Drowning - stressed, anxious, under extreme stress, and have nowhere left to turn


Hi all,

I'm writing this today in hopes of finding someone who has maybe felt the same way during their degree and who can offer some help..

I'm in my 4th year of my PhD and I am losing my mind. 4 years ago, my supervisor pretty much forced me into a project that I didn't want. I tried to argue my way out of it, but all she said was "finish it, and then you can do whatever you like". I tried to do it for 3 years and kept failing (no one in our entire department has any experience in this century old technique). I had tried within these three years to get out of it, but that never worked. Seeing as to how I was always an excellent student, you can imagine what constant failure for 3 years and no support from my supervisor did to my confidence. She always blames me for things not working and thinks I am just a royal F***-up, which is not the case. Anyhow, recently I feel like I'm going in circles. She gives everyone in the lab amazing opportunities, and me, nothing. I have zero papers, and have been to only 2 local conferences (she won't let me go anywhere international since I have nothing interesting to present), and am extremely depressed. I've tried approaching her in the past to tell her how I'm feeling but she just laughs at me, tells me that I'm not made for science, and calls me a cry baby(I've only cried TWICE in front of her).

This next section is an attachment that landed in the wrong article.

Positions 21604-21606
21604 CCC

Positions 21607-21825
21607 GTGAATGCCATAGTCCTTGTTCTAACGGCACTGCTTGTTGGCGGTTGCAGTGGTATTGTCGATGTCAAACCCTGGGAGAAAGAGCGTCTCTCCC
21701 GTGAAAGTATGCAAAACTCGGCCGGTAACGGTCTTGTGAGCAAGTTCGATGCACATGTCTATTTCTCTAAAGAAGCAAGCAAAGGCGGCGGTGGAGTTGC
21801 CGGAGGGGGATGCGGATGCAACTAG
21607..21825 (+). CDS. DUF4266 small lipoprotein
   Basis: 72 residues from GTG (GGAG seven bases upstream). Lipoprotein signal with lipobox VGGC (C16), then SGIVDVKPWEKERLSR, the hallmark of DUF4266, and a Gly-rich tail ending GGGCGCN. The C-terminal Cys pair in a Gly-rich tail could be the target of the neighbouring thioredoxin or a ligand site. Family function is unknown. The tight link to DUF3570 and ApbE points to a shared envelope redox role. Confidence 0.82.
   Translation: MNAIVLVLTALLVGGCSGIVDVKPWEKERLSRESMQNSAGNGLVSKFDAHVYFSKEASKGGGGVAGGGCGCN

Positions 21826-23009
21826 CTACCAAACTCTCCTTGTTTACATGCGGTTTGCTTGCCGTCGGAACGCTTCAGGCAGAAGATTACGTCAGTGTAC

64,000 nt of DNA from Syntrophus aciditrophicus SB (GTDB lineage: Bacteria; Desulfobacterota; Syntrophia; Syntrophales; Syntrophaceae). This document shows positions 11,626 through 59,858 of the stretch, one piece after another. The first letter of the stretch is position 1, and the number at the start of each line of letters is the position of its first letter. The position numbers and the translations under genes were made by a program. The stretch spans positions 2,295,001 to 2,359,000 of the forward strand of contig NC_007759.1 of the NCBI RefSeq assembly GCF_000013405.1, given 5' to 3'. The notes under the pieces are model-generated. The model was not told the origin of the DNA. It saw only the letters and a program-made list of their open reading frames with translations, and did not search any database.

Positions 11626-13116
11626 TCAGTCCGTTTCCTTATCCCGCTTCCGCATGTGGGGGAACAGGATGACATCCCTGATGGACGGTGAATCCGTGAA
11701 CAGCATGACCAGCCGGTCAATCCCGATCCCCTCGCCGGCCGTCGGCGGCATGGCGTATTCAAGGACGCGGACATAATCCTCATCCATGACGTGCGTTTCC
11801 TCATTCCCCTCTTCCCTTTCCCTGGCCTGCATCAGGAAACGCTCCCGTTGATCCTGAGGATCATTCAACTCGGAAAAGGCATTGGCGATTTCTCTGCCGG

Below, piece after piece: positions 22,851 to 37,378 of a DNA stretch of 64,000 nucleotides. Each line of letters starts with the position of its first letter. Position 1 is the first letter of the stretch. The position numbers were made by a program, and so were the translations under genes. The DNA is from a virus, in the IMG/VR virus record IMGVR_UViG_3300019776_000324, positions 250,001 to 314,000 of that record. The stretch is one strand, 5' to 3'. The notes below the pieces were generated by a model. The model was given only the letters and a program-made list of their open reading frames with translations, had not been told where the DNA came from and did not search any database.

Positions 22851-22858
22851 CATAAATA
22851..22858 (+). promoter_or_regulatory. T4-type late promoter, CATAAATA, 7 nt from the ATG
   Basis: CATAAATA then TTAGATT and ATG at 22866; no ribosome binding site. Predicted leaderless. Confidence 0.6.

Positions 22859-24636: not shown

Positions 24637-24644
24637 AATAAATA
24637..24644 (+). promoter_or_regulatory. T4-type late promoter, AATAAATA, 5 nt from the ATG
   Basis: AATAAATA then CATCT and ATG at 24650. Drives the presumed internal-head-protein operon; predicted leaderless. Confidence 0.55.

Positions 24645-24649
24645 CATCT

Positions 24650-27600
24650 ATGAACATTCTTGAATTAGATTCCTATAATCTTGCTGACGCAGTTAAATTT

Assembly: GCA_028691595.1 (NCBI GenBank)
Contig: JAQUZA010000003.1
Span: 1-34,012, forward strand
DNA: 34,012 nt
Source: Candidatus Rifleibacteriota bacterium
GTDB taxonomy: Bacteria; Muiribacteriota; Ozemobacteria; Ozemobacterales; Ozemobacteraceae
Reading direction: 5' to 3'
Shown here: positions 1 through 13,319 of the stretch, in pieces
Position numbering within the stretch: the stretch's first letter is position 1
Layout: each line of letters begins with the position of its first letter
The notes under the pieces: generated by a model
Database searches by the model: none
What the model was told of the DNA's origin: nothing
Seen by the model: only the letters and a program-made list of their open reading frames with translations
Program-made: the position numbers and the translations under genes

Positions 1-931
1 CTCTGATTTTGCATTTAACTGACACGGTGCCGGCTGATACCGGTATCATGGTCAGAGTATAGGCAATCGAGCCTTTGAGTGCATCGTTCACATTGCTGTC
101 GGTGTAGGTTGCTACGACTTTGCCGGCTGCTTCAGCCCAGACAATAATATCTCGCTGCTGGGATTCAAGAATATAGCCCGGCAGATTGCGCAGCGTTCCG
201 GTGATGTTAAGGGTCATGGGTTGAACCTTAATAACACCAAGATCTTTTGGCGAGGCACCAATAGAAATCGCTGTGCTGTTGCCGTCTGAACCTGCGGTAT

I am losing every droplet of sanity I've got. I am now at a point of no return where I cry at least once a day, and I literally have nowhere and nobody to turn to. I can't speak to my supervisor, my parents think that there's no such thing as depression and in fact believe that I'm to blame regarding why I'm not done yet and why I have no papers, I've lost all my friends because I close myself off and now have no social life (I used to be a social butterfly.. my phone NEVER stopped ringing :(), and although my boyfriend is the sweetest guy and is always listening to me and encouraging me, I'm tired of always complaining to him.

I truly don't know what to do. I've never been a depressed person, and I've never considered hurting myself. But, for the last few months, I keep hoping I get hit by a car, fall off the subway tracks, or simply not wake up from my sleep because I'm so overwhelmed and tired of it all.

I don't know what to do and feel like I'm just this robot who goes to lab 12 hours a day in the hopes of making this project from hell work, and I can't do it anymore....I hate feeling like I'm worthless and like the world wouldn't matter without me. I hate the fact that my parents are not supporting me and think I'm being a child. And I hate the fact that I have no confidence left in myself and feel like I'm bad at everything I do.

Please help me :'(


Slow down, don't be so hard on yourself - you are under real pressure and putting yourself under additional pressure which isn't helpful. I'd strongly urge you to contact the counselling department at your university and talk to someone about your situation and how you feel. This person should let you talk freely, letting you think more clearly which should give you some perspective. Please make that call or appointment today. What harm can it do?